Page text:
I’m not changing how I end every narrative in this blog. As always, I end with gratitude to all who helped me share all the narratives in today’s post and — of course! — to you, you, you.
1. a story or account of events, experiences, or the like, whether true or fictitious.
2. a book, literary work, etc., containing such a story.
3. the art, technique, or process of narrating, or of telling a story:
“Somerset Maugham was a master of narrative.”
4. a story that connects and explains a carefully selected set of supposedly true events, experiences, or the like, intended to support a particular viewpoint or thesis:
“to rewrite the prevailing narrative about masculinity”; “the narrative that our public schools are failing.”
Because I’m a psychotherapist who uses narrative therapy, I’m going to add to the narrative here with a description of that.
Narrative therapy is a form of psychotherapy that seeks to help people identify their values and the skills and knowledge they have to live these values, so they can effectively confront whatever problems they face. The therapist seeks to help the person co-author a new narrative about themselves by investigating the history of those qualities. Narrative therapy claims to be a social justice approach to therapeutic conversations, seeking to challenge dominant discourses that it claims shape people’s lives in destructive ways.
Yesterday, I noticed some self-destructive, outmoded, and fixed narratives, including
The people at SoundBot are sharing the narrative, above, that every moment deserves a song. Here‘s a song — which intertwines lots of narratives — that I was listening to yesterday with my new SoundBot wireless musical earmuffs:
We all have a different, personal narrative of the events of September 11, 2001, but we all share elements of that painful narrative.
I look forward to the narratives in the comments, below.
I end every narrative here with gratitude, so thanks to all who help me create these daily posts, including YOU.
I wonder if this post will be the exception that proves the rule. In order to know that, we need to know what “the exception that proves the rule” means.
“The exception proves the rule” is a saying whose meaning has been interpreted or misinterpreted in various ways. Its true definition, or at least original meaning, is that the presence of an exception applying to a specific case establishes (“proves”) that a general rule exists. For example, a sign that says “parking prohibited on Sundays” (the exception) “proves” that parking is allowed on the other six days of the week (the rule). A more explicit phrasing might be “the exception that proves the existence of the rule.”
An alternative explanation often encountered is that the word “prove” is used in the archaic sense of “test”. Thus, the saying does not mean that an exception demonstrates a rule to be true or to exist, but that it tests the rule. In this sense, it is usually used when an exception to a rule has been identified:[clarification needed] for example, Mutillidae are wasps without wings which cannot fly, and therefore are an exception that proves (tests) the rule that wasps fly. The explanation that “proves” really means “tests” is, however, considered false by some sources.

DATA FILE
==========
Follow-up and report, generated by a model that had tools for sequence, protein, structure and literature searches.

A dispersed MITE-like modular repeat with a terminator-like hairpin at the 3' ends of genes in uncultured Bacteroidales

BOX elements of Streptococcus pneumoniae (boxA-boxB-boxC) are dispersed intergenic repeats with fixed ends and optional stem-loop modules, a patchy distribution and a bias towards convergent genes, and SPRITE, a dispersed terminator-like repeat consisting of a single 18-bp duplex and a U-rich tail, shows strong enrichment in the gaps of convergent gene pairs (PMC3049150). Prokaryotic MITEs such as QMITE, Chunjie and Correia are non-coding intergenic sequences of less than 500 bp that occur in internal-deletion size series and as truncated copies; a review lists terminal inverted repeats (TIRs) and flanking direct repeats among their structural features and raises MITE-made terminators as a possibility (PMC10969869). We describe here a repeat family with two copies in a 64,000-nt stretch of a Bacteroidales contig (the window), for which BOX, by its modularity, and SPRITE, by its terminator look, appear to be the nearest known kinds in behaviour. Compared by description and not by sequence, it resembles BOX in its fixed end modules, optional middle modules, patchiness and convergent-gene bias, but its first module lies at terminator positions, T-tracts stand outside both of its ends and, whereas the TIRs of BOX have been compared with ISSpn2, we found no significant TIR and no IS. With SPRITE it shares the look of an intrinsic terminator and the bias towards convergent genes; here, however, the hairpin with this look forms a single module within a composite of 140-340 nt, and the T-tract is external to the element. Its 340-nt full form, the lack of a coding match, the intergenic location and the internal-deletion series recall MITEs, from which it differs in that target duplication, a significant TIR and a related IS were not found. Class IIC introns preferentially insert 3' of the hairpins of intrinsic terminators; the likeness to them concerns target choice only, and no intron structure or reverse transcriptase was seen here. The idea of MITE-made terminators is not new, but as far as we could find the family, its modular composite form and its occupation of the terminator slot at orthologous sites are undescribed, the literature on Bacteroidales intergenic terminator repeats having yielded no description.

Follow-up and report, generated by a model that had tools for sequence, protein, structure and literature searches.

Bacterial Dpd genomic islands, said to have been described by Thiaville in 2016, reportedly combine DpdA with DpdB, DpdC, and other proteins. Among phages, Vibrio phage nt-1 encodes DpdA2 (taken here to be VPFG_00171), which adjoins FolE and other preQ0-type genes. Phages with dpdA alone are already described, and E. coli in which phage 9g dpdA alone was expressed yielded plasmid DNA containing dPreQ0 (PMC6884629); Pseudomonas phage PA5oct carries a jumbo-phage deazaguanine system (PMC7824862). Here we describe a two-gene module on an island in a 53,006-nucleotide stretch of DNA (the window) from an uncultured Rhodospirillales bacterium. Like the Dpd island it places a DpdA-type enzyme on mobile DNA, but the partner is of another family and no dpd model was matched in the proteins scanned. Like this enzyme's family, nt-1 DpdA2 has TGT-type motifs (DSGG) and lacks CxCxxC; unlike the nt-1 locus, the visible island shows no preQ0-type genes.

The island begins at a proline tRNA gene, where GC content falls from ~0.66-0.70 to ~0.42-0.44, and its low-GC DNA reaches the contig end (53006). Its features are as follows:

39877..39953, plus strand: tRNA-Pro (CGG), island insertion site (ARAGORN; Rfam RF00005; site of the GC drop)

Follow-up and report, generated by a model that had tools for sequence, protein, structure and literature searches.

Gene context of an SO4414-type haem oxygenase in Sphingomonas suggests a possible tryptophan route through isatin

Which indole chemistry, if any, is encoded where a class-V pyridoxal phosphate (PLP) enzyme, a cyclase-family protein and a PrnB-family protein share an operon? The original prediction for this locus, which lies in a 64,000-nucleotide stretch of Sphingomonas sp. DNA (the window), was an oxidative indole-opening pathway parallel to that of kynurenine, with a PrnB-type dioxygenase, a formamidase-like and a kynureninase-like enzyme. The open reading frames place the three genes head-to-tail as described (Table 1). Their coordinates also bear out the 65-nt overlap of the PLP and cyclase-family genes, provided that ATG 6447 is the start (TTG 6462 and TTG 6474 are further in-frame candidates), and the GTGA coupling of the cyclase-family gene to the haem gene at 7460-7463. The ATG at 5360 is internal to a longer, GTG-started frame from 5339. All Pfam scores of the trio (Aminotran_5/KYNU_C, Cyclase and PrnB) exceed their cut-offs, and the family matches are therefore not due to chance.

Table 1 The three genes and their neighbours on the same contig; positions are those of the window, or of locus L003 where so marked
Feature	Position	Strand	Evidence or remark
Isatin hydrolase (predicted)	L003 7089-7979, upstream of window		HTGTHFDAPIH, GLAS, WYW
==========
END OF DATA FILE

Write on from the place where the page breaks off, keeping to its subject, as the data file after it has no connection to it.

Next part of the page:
One of my rules here is providing some clarity and explanation about why I’m writing each of my daily posts. Maybe this post will be an exception to that.
Or maybe not. In narrative therapy, it’s important to identify exceptions to people’s unhelpful, generalized, negative rules about themselves and their lives. For example, if somebody sees themselves as a loser or a failure, the narrative therapist helps them identify and talk more about the exceptions to that self-defeating rule.
When I hear exceptions outside my therapy office, I sometimes say, “That’s the exception that proves the rule. Whatever that means.” I’m realizing now that I do know what it means.
Let’s see if any of my photos today illustrate “the exception that proves the rule.”
Usually we don’t have balloons of woodland creatures in the cafeteria at work. Yesterday, there was a holiday celebration called “Wintery Woodlands,” where employees received hot chocolate, chocolate-covered pretzels, a calendar, and a lunchbox. Because I’m exceptionally distracted these days, I left my calendar and lunchbox in the cafeteria. The rule is only one calendar and lunchbox for everyone, so I guess I’m out of luck.
That’s my new and exceptional co-worker, Alice. She’s also taking a picture of the wintry woodlands in that photo. I have a rule, in this blog, of not identifying where I work. I don’t think this photo is an exception to that. (Although I have slipped, one or two times, during the two thousand, two hundred, and ten days of blogging, so I guess those posts are exceptions that prove the rule.)
I’ve taken a lot of photos of this hotel marquee, but none of them have ever said, “12 Days of Music.” I am predicting that this photo won’t be the last one that says that. I’ve also included a lot of music in this daily blog, but I don’t remember ever including any punk. If so, today will be the exception that proves the rule.
Here’s a punk rock cover of “Rudolph, the Red-Nosed Reindeer.”
If you usually don’t comment, why not make today the exception that proves the rule?
I’m considering not thanking people at the end of this post (which definitely is a rule at this blog), but some rules I do not want there to be an exception to. So, exceptional thanks to all those who helped me create today’s blog and — of course! — to YOU.
My story — and I’m sticking to it — is that everybody has the right to tell his-story or her-story.
Last night, people in my therapy group told many important and interesting stories. As an exercise, I suggested that we each create and illustrate our own personal book — building that story in just twenty minutes!
Here’s the story I created in group last night:
These other images were part of my story yesterday:
How would you tell your story in just twenty minutes? What might be the background music for your story?